The Chamber Players Review- The Chicago Philharmonic Chamber Players at The City Winery

On Sunday, November 20th, 2016, the Chicago Philharmonic Chamber Players a/k/a The Metropolis Oboe Quartet, consisting of oboist Deb Stevenson, violinist Thomas Yang, Violist Rose Armbrust Griffin and cellist Steven Houser performed a diverse repertoire of pieces at The City Winery, 1200 W. Randolph. The program, entitled “Handel and Eggs”, (it was put on to coincide with brunch), consisted of 7 genre-defying pieces from the baroque through music composed for films- there was truly something for every taste!

The Chicago Philharmonic Chamber Players aka The Metropolis Oboe Quartet; photo by Alan McConnell photography

 First on the bill was “The Arrival of The Queen of Sheba”,  (HMV 67), 1748, by George Frederic Handel, from the oratorio “Solomon”.  Short, bright and sprightly, it has often been performed during wedding ceremonies, or as a processional piece. It is a very famous sinfonia, or orchestral work which introduces the Queen of Sheba during a state visit to Solomon’s kingdom. Executed with energy and a pleasant undulating sound, this was an admirable performance.

 Next performed was “Oboe Concerto in C minor”, by Alessandro Marcello, 1716. It has been described as consisting of “glorious thematic material underpinned by luxuriant harmonics”, and was featured in the film “The Firm”. It’s a concise and intensely expressive serious piece, known as “one of the defining works of the oboe repertory”. The piece was beautifully brought to fruition with the strings effectively transporting the natural intensity of the oboe.

Rose Armbrust Griffin, Steven Houser, Deb Stevenson and Thomas Yang

After this, the audience was treated to Wolfgang Amadeus Mozart’s “Quartet for Oboe and Strings in F major, (K370), 1781, a piece that requires quite a bit of sophisticated oboe playing. Indeed, it was composed to “show off” an oboe prodigy,  Fredrich Ramm, then 14, and to display what were then recent improvements to the oboe. However, it not only requires the strings to accompany the oboe, but it  also showcases true ensemble playing. This piece is expressive of a wide range of emotion, and ends cheerfully.

 

Gabriel”s Oboe”, by Ennio Morricone, 1986, the main theme for the film “The Mission”, was next. A “celebrated oboe melody”, it’s also been called “unforgettable”. As played by these Chicago Philharmonic Chamber Players, it was evocative, lush, romantic and achingly lovely.

Deb Stevenson, oboist

Next the quartet presented “Quartet for English Horn, Violin, Viola and Strings”, 1971, by Jean Francaix, which begins with a “cheeky ragtime escapade”. Francaix is known for composing graceful, fresh and spontaneous work. The piece was pleasingly tonal, clear, well-projected, and elegant.

 

The penultimate 3 pieces were from Chicagoan James Stephenson’s lively and adventurous score for “The Mysteries of Harris Burdick”. Stephenson said he wrote the first segment presented, “Another Place, Another Time” while imagining “The excitement of 4 young children as they are about to head out on a great adventure”. The music itself is exciting, then awesome, then filled with excitement once again. The second portion performed, “The Harp”, was written to represent “The mystery of the forest”, and “With the strumming pizzicato…symbolizing the harp”. As played, the strings  actually sounded like a harp and the Quartet as a whole seemed to be calling across a lake. Finally, the third portion played, “Under the Rug”, humorously introduced, was rendered with the cello in particular seeming to ask “What was that?"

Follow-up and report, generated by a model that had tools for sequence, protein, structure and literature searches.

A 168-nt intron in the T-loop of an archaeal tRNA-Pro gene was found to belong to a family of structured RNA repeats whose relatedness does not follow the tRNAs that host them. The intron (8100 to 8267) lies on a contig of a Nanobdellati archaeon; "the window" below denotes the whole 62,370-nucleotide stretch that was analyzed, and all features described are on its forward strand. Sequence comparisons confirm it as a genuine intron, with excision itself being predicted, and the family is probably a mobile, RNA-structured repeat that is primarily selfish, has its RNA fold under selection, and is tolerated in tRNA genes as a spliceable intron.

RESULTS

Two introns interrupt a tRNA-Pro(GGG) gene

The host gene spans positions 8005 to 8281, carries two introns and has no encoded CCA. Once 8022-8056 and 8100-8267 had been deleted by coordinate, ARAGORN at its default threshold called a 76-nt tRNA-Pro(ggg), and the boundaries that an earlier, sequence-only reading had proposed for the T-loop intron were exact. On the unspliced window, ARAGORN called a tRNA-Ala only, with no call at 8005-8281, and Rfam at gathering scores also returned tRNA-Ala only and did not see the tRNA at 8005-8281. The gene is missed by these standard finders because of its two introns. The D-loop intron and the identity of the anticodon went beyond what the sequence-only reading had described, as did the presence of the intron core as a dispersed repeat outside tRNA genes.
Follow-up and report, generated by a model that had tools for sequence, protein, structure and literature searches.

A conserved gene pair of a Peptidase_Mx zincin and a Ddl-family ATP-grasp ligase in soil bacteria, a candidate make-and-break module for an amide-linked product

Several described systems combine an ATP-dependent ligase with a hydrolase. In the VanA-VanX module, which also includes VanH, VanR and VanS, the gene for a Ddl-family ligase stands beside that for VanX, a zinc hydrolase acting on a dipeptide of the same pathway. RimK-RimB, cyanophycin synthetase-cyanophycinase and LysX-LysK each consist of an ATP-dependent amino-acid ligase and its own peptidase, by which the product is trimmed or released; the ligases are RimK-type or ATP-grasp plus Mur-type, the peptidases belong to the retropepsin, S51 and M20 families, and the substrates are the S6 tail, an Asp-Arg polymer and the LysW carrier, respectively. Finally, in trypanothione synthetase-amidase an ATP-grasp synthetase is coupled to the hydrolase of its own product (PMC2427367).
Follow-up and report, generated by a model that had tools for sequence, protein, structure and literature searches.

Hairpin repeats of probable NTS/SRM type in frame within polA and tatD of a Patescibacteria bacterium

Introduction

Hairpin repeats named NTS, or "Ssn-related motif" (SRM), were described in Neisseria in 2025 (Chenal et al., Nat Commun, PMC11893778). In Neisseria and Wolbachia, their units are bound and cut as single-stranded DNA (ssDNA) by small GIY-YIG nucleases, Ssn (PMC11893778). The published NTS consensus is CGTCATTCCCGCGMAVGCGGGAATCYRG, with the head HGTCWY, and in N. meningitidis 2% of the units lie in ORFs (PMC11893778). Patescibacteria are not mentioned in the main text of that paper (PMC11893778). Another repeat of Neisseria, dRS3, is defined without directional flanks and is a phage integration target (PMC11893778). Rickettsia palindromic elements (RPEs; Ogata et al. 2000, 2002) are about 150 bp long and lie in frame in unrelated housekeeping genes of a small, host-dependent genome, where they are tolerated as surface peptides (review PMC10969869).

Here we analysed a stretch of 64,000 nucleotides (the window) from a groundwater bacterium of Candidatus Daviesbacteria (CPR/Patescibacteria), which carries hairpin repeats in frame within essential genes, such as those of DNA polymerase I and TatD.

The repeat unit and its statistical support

Steven Houser, Rose Armbrust Griffin, Deb Stevenson, and Thomas Yang

The last work played at this concert was Danish composer Jacob Gade’s “Jalousie Tango Tzigane” or Gypsy Tango”, 1925, said by the composer to have been written after reading a sensational news report about a crime of jealous passion. Among the many films it’s been included in are “Son of Zorro”, (1925) starring Douglas Fairbanks, and “The Man Who Cried”, 2000, starring Johnny Depp as a gypsy. Tango music has lately become quite popular, and one can see why- it is passionate, sexy, demonstrative.

 

The Metropolis Oboe Quartet has played together for 13 years, although Rose Armbrust Griffin, viola player, replaced her brother, violist Doyle Armbrust, just 3 years ago. The Quartet's players are noted for their exceptional virtuosity in offering elegant and “accessible” programs, and this one was no exception. The presentation was technically excellent but also relaxed, friendly and fun. In between the selections, the members joked gently with the audience. They were effortlessly informative about the music to be presented, briefly discussing the background and characteristics of each piece, much as I have attempted to do in this article. In particular, they explained, displayed, passed around, and read captions from the illustrations that form the “text” of “The Mysteries of Harris Burdick”. The data and these maneuvers greatly enhanced the audience's capacity to understand and "hear" what was played.

Steven Houser, cellist; Deb Stevenson, oboist; Thomas Yang, violinist; Rose Armbrust Griffin, violist

 This was an afternoon of much delight, and an experience everybody can share.

For information about and tickets to the Chicago Philharmonic Chamber Players series concerts and all the great programs sponsored by the Chicago Philharmonic, go to the Chicago Philharmonic website

 

For information about the Metropolis Oboe Quartet and it’s upcoming performances, go to the Metropolis Quartet website

 

 Unless otherwise noted, all photos courtesy of The Metropolis Oboe Quartet

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